Josef Suk’s Fantasy in D Minor, a work of considerable duration (almost 25 minutes in Fischer’s performance), projects a more extroverted personality, setting the soloist’s bold statements against a sonorous—at times stentorian—orchestral backdrop, although it interweaves sections of almost nostalgic sensibility. Fischer takes command in the recurrent, technically difficult declamatory moments (even if across-the-string double-stopped passagework occasionally sounds rough-hewn) and alternates piquant playfulness and meditative repose in the quieter moments. In fact, she explores the Fantasy with such obvious sympathy that it seems in large part due to her championship to deserve more frequent hearings (she expresses surprise in the booklet notes that it’s not popular outside the Czech Republic).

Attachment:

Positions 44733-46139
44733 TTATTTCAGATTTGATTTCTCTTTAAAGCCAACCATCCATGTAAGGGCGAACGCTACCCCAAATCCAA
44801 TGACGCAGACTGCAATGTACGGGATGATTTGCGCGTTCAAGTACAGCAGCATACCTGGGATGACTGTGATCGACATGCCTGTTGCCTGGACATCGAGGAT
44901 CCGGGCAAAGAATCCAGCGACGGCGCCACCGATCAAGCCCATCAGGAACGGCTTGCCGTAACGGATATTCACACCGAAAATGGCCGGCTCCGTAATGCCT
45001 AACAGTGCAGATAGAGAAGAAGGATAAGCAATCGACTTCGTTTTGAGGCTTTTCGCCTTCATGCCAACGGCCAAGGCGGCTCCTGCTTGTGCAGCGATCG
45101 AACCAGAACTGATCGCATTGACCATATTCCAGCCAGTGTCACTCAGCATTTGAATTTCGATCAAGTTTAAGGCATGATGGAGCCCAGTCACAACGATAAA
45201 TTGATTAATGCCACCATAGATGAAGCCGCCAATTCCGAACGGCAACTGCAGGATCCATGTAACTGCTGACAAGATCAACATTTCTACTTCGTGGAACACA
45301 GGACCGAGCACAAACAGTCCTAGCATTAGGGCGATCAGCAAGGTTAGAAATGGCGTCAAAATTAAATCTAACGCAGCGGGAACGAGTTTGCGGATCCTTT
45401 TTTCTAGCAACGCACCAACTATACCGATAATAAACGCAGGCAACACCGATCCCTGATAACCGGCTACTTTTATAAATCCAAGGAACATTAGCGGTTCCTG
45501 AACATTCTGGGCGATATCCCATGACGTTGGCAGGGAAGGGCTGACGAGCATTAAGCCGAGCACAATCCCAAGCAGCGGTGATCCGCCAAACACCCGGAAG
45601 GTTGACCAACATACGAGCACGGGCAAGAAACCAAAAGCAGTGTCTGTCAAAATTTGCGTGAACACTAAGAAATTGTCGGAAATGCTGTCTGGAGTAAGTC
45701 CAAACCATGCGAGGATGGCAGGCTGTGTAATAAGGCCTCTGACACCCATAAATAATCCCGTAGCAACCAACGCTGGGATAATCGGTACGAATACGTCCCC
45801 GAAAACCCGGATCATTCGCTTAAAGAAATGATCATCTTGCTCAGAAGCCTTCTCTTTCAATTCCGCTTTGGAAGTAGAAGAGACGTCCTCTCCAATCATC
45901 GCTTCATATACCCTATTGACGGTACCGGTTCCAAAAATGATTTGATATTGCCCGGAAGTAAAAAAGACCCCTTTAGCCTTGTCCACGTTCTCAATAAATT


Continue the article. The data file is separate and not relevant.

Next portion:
With Ernest Chausson’s
, Fischer enters into the program’s more familiar half. She sets out slowly; the opening, in this performance, reflects her recollection in the notes of her childhood impressions of this “saddest piece,” and, although she waxes more animated in the middle section, the pall that settled over the opening measures never seems fully dispelled. In
30:6, I suggested that those who prefer “a less romantic, more analytical reading of Chausson’s
” should consider Isabelle Faust (Harmonia Mundi HMC 901925) “an almost ideal soloist”; in fact, listening to the two performances one after the other may reveal these almost diametrically opposite points of view. Ralph Vaughan Williams’s evocative work
The Lark Ascending